This season, on the other hand, has been unforgettable.
Several National Leaguers who missed at least half of last year because of injury or other reason have bounced back big in 2007, as their roller-coaster careers are once again heading in the right direction.
With so many impressive comebacks, picking the 2007 National League Comeback Player of the Year will be a difficult task. For now, Washington's Dmitri Young looks like the consensus frontunner, with Milwaukee's J.J. Hardy, Atlanta's Kelly Johnson, Colorado's Kaz Matsui and New York's Oliver Perez also meriting consideration.
Cincinnati's Josh Hamilton's comeback from personal problems is inspiring, but because Hamilton is a rookie who had not appeared in a Major League game before the current season, he is ineligible for the award.
Others, such as Rick Ankiel of the Cardinals, probably haven't appeared in enough games to sway enough voters.
Here's a rundown of the leading candidates for the 2007 NL Comeback Player of the Year Award:
Dmitri Young, Nationals: Young's comeback has been inspiring. After appearing in 48 games for Detroit last season during a year in which he was going through a divorce, given a year of probation for domestic violence as well as being diagnosed with Type 2 diabetes, Young was given his unconditional release by the Tigers last September. This season, Young has turned his life around. The 33-year-old is among the league leaders in batting and also made the All-Star team.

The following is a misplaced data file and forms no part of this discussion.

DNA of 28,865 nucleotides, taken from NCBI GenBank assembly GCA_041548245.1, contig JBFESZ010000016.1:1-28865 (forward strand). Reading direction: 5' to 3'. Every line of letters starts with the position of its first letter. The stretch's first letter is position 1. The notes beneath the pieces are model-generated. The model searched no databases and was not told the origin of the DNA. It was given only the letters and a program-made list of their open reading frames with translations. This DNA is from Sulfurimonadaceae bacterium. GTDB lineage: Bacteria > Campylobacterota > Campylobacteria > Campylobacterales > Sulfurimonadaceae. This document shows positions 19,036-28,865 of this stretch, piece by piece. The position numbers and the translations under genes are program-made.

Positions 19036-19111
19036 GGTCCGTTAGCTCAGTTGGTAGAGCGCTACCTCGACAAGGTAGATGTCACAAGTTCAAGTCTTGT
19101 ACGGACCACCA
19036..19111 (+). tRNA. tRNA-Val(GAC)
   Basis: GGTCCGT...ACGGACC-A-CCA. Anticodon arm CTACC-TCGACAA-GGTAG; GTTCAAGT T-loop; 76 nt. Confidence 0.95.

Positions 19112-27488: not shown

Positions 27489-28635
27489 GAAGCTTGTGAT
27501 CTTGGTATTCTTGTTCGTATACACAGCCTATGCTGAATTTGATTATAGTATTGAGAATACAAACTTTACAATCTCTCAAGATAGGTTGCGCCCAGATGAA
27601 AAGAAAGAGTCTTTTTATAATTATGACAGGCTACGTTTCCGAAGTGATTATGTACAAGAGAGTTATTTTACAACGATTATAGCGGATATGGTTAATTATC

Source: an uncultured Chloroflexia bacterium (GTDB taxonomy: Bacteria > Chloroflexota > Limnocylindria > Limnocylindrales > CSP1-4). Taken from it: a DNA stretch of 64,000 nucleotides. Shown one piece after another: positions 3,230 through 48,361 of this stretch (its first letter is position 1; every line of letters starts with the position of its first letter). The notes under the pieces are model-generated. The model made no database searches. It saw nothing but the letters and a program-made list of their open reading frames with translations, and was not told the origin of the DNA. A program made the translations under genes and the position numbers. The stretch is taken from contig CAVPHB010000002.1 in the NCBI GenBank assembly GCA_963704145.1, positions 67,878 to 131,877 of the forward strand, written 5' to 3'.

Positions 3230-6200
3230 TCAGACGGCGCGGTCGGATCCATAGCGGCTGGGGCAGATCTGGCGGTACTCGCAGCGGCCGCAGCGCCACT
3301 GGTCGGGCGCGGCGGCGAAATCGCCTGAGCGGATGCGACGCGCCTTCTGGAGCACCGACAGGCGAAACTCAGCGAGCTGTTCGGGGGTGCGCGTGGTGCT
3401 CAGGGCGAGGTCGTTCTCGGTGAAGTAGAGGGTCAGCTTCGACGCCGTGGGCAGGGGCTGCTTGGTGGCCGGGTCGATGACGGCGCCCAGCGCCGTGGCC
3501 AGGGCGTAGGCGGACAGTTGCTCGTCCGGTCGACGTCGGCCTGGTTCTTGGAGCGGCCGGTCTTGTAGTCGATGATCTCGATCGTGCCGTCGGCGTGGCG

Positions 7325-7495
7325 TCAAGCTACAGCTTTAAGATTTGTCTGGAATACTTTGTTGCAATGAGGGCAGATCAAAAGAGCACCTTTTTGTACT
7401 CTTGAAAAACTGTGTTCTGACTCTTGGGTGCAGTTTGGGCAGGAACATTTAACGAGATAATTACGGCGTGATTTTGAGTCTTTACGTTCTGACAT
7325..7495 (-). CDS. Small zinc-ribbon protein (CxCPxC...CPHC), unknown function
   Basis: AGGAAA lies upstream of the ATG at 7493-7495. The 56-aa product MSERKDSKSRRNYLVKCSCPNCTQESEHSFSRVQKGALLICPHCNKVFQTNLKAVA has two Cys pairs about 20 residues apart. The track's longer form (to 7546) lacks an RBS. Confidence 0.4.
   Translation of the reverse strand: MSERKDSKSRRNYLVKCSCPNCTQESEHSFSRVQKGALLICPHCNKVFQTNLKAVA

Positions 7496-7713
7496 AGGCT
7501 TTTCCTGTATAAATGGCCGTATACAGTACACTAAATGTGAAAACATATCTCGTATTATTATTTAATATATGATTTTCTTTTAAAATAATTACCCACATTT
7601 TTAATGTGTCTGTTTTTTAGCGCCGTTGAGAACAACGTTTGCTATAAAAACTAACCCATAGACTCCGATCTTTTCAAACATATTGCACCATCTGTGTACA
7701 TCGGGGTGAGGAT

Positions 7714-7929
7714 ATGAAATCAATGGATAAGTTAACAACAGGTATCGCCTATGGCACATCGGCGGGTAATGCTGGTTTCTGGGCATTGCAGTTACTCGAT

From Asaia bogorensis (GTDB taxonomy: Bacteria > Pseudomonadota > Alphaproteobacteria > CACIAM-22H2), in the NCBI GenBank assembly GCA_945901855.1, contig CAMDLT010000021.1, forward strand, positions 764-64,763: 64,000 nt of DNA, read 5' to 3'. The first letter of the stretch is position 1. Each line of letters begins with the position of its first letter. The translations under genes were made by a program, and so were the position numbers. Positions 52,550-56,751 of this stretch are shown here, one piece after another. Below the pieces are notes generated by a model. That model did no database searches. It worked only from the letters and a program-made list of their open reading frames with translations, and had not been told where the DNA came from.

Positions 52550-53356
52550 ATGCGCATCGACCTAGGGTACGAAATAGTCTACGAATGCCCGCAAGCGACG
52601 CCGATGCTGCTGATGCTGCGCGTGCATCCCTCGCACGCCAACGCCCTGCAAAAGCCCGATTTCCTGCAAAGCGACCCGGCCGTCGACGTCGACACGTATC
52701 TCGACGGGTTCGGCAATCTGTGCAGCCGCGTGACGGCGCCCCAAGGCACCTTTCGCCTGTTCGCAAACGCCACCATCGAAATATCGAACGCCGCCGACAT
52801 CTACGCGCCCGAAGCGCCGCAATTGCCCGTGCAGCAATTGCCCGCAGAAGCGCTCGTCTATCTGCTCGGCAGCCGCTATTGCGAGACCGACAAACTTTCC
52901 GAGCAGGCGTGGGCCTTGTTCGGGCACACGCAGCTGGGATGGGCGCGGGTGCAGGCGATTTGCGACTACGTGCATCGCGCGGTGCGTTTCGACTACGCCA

J.J. Hardy, Brewers: Limited to 35 games last season because of an ankle injury, the Brewers shortstop has been outstanding this season and has played an important role in lifting the Brewers into contention in the NL Central Division. Hardy is on a pace to set career highs in a dozen statistical categories.
Kelly Johnson, Braves: After a promising rookie campaign in 2005, Johnson missed the entire 2006 season because of right elbow problems that led to Tommy John ligament replacement surgery. This year, the 25-year-old won the starting job at second base and his production has been a bright spot for the Braves: He's hitting .284, with 15 homers and 67 RBIs in his first 136 games.
Kaz Matsui, Rockies: The second baseman appeared in 70 games for the Mets and Rockies last season sandwiched around two trips to the disabled list for a total of six weeks. He also endured a 2 1/2-month stint in the Minor Leagues. But he's enjoying a career year with the Rockies this season, hitting .291 with 30 stolen bases and scoring 72 runs in 92 games after spending five weeks on the disabled list early in the season.
Oliver Perez, Mets: With the Pirates last season, Perez was 2-10 with a 6.63 ERA when he was sent to the Minor Leagues on June 29. Acquired by the Mets at the July 31 trade deadline, the left-hander made his New York debut on Aug. 26 and was 1-3 with a 6.78 ERA in seven games. This year the hard-throwing Perez has been outstanding, with a career-high 14 wins to go with a 3.42 ERA in 26 starts for the NL East leaders.
Ankiel, Cardinals; Ben Sheets, Brewers.
Jim Molony is a reporter for MLB.com. This story was not subject to the approval of Major League Baseball or its clubs.